The move was undertaken so residents can maintain physical distancing as part of ongoing public health measures to stop the spread of COVID-19. Another reason is the need sustain essential services also limits the city’s ability to support to third-party event organizers to ensure public safety, the city said.

The cancellation of events of more than 250 people through July 31 means Salsa on St Clair, Toronto Outdoor Art Fair, Honda Indy, Toronto Triathlon Festival, Beaches International Jazz Festival and Big on Bloor, among others, are off.

The August cancellation of large events with 25,000 people or more means Jerkfest, Taste of the Danforth, Taste of Manila, and Toronto Chinatown Festival are not happening either. The Canadian National Exhibition board already cancelled this year’s fair, which takes place at the end of August.

“I hope that particularly for the events cancelled in the month of August there may be hope that some, like for example Taste of the Danforth, could go ahead in the fall if conditions are right by that time and if that is the wish by the organizers,” Mayor John Tory said during his daily press conference on Thursday.

The city previously cancelled event permits through June 30. A handful of events, including Toronto Outdoor Art Fair, Luminato and Toronto Pride, have plans to pivot to hosting online events.

To mitigate financial loss to organizers, Toronto is launching a Cultural Festivals Recovery Program to provide financial and in-kind support to affected events. The program is funded by grants that were previously approved by council. Organizers can find details of that program here.

1:52 pm Doug Ford decries “vicious” commercial landlords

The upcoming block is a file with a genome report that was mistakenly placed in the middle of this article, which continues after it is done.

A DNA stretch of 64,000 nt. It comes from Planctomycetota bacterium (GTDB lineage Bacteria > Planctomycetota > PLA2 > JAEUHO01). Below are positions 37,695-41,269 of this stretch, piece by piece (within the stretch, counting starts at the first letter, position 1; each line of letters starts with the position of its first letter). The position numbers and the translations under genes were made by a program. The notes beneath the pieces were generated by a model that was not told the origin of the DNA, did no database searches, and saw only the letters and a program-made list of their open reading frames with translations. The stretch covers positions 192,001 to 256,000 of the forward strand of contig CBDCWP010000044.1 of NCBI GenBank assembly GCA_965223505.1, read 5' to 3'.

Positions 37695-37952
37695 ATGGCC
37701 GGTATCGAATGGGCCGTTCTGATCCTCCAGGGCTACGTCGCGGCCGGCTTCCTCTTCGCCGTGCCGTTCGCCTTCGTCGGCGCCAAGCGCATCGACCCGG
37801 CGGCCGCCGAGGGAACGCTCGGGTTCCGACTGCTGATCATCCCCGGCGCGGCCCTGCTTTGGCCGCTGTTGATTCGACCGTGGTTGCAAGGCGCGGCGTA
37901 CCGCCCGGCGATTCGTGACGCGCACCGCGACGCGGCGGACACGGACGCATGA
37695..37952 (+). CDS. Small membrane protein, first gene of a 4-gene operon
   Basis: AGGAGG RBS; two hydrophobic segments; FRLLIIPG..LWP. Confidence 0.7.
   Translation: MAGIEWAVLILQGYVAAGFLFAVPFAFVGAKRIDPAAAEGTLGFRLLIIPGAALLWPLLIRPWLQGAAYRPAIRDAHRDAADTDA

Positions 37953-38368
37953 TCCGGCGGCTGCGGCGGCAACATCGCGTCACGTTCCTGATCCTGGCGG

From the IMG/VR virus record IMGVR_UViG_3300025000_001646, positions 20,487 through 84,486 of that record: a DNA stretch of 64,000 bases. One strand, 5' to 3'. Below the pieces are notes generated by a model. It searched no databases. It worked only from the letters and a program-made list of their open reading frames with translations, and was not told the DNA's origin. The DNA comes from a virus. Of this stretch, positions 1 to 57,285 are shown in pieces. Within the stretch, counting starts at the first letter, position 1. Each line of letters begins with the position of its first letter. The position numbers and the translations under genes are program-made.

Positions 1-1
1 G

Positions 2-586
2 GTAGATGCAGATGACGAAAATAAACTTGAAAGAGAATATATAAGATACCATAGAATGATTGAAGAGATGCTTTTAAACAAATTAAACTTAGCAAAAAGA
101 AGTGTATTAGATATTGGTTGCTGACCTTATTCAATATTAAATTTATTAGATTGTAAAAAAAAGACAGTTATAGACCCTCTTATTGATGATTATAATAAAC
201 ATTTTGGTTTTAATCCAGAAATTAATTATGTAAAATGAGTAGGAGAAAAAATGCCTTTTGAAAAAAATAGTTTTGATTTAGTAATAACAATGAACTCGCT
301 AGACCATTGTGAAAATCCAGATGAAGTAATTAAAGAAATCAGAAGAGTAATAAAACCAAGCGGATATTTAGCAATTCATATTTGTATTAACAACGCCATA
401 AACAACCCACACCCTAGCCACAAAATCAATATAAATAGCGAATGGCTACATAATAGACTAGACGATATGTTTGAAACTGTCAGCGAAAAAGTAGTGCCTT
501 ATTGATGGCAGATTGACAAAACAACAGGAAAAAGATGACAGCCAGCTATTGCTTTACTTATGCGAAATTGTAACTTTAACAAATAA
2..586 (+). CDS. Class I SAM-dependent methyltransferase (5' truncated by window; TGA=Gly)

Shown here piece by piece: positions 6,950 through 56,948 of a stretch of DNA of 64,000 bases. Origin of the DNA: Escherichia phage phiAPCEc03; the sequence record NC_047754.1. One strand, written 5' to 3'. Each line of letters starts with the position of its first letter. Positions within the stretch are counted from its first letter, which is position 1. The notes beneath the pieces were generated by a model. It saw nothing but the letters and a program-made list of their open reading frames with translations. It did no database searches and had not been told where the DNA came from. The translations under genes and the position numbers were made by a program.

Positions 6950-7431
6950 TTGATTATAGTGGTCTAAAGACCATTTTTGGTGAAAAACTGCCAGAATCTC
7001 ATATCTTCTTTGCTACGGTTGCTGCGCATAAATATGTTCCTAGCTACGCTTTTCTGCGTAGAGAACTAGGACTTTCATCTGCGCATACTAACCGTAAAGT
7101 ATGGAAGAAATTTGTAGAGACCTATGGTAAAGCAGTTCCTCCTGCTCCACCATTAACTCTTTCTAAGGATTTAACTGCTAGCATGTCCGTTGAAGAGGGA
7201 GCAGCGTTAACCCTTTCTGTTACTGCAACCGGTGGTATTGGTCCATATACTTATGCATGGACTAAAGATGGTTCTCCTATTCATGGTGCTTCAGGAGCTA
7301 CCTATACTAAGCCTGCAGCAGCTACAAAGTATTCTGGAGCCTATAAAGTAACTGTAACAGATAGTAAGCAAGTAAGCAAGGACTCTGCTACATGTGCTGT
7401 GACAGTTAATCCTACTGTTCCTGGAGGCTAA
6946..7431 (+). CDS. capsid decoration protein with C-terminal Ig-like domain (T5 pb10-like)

Amid reports that small businesses are unable to convince their landlords to buy into the Canadian Emergency Commercial Rent Assistance (CECRA), Premier Doug Ford was asked today if he would implement a ban on commercial rent evictions.

“To be honest, I side with the tenants. Give ‘em a break,” Ford said during his daily press conference. “Let them pay 25 per cent. The landlords, you have to be flexible. If the tenant moves out, what is the landlord thinking? They’re going to have an army of people wanting to move in?

“You know what drives me crazy? I can’t stand these vicious landlords. You gotta protect the little guy,” he added when the subject came up again later. “To all you big landlords out there, have a heart.”

CECRA would lower rents by 75 per cent for small businesses who pay less than $50,000 per month in rent by having the tenant pay 25 per cent of their rent and the province, federal government and landlord split the rest.

As we reported in last week’s cover story, only landlords – not tenants – can apply to the program, and the Canadian Mortgage Housing Corporation (CMHC) funnels the money into the landlord’s mortgage. Under the agreement, landlords cannot evict tenants while they’re on the subsidy, but the program is voluntary.